Shane Dowling: “All they wanted to do was see the club win one county title”

23 October 2017; Na Piarsiagh and Limerick star Shane Dowling pictured at the launch of the 2017/2018 AIB GAA Club Championships #TheToughest, the 26th year of AIB’s sponsorship of the Championships. For exclusive content and to see why AIB are backing Club and County follow us on Twitter, Instagram, Snapchat, Facebook and Photo by Ramsey Cardy/Sportsfile *** NO REPRODUCTION FEE ***

At this time of year, when the leaves turn and the clocks go back, Shane Dowling’s mind is always drawn back to where it all started for himself and Na Piarsaigh.

The Limerick scoring ace credits all their recent success back to the club’s famous Saturday morning juvenile ‘street leagues’ every Winter.

Back in the 1970s and ‘80s Sexton St CBS and clubs like Claughaun and South Liberties were among the county’s hurling pace-setters but rural clubs had taken a vice-like grip since.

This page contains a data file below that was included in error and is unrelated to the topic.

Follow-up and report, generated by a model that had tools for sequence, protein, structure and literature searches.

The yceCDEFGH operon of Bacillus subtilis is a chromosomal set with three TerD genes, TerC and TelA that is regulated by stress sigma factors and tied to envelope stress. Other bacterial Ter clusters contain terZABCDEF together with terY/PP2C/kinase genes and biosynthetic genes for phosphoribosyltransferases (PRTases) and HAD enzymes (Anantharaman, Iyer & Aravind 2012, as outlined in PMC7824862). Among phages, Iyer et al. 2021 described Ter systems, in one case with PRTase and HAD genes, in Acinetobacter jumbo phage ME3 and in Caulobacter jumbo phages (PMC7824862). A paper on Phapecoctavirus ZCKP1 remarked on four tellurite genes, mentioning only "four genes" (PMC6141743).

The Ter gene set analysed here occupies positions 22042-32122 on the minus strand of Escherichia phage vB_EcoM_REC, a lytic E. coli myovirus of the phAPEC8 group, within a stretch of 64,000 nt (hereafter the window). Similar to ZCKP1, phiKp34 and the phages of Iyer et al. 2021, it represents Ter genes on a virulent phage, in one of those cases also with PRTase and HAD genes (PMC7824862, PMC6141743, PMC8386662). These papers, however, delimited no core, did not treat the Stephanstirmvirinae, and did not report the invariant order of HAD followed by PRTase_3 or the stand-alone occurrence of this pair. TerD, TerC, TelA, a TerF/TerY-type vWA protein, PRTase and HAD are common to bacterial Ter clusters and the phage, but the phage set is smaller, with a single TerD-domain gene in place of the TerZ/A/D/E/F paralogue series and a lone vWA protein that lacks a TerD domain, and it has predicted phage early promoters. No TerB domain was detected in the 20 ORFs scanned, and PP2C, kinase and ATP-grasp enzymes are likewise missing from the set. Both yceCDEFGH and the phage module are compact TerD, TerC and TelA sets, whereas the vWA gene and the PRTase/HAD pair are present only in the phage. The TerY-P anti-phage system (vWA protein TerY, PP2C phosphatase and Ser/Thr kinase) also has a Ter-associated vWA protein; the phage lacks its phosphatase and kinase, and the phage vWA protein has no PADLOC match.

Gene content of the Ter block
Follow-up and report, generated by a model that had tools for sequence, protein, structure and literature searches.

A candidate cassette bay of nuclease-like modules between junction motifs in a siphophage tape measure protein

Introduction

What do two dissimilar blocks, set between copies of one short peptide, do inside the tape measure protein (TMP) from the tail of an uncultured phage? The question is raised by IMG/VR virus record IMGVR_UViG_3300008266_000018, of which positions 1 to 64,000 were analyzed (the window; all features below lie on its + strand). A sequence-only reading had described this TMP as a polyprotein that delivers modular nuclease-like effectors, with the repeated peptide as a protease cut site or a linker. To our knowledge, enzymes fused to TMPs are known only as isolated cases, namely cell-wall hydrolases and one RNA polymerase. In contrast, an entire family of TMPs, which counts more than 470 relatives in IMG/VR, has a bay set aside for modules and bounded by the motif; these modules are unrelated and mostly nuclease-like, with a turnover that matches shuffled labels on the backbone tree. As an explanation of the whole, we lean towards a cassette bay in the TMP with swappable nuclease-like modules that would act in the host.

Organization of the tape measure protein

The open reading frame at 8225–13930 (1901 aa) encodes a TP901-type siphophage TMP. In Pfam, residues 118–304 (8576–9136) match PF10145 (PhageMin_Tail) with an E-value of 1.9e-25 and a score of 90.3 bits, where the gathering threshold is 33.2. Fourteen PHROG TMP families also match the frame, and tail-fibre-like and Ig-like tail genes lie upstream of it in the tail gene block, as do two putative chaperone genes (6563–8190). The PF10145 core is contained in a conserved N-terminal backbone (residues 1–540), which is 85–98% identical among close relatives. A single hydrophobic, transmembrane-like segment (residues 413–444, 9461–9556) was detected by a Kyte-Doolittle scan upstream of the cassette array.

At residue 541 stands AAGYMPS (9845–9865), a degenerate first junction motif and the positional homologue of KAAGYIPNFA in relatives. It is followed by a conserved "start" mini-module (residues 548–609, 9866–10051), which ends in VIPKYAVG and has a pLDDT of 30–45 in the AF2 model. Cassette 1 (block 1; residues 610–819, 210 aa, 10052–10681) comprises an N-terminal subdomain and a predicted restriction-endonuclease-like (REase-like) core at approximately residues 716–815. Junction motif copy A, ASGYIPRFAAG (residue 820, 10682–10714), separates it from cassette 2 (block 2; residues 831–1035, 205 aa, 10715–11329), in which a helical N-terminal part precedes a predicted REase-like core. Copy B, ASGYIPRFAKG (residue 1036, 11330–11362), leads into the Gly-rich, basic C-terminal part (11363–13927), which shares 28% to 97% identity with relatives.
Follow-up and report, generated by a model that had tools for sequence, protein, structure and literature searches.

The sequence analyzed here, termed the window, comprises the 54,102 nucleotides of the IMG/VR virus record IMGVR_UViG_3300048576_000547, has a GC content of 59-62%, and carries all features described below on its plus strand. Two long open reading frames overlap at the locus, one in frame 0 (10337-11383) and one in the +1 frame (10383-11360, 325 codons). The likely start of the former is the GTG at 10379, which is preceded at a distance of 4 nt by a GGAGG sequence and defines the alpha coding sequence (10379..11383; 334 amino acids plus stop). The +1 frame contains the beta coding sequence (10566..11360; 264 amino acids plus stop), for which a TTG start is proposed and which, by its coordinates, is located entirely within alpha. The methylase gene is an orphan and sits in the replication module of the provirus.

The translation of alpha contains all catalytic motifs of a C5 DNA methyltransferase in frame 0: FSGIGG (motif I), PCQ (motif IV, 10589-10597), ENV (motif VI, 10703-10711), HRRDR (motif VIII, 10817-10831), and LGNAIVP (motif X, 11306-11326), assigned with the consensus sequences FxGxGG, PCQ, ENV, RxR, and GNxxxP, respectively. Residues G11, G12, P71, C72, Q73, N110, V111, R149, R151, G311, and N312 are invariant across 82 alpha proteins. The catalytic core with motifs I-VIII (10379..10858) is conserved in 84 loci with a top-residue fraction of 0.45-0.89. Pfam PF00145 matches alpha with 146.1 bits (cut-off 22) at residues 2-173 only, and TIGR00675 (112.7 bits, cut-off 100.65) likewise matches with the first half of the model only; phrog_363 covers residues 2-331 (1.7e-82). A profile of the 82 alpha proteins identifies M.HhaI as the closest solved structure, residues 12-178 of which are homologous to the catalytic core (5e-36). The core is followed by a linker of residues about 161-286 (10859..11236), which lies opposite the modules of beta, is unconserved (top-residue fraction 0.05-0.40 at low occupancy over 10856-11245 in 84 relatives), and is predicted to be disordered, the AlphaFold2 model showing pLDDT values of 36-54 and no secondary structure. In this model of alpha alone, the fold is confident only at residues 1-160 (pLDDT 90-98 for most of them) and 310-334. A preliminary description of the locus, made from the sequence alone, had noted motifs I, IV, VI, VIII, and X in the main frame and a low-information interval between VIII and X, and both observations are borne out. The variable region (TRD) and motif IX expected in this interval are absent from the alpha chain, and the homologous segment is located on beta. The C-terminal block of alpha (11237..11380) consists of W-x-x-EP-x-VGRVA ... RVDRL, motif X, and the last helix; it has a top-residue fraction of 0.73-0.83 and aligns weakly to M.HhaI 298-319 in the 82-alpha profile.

The famine in Limerick city clubs had got so bad that the county board employed specific ‘city officers’ to try redress the balance.
Na Piarsaigh had their own initiative and nursery system.

Every Saturday morning of Dowling’s youth saw the clubhouse in Caherdavin awash with children battling it out in the local street league.

“From the sixes to 10-year-olds there’d be huge crowds down,” he recalls. “There’d always be four different teams - Cork, Tipperary, Limerick and Kilkenny. You’d be picked on one and play every Saturday from September to Christmas.

“Then, every December, a pipe band would come and we’d walk around my estate behind it, all the teams and mentors. Then we’d go and play our street league finals and go into the clubhouse afterwards to meet Santa.

“Those were our little All-Ireland finals. It made us very competitive at a young age and it’s no coincidence that a lot of us came through at the same time and just love Na Piarsaigh and hurling,” he concludes.

AIB GAA Senior Club Hurling Championship Final

The club’s street league conveyor belt is still churning away and so is the 24-year-old’s marvellous passion.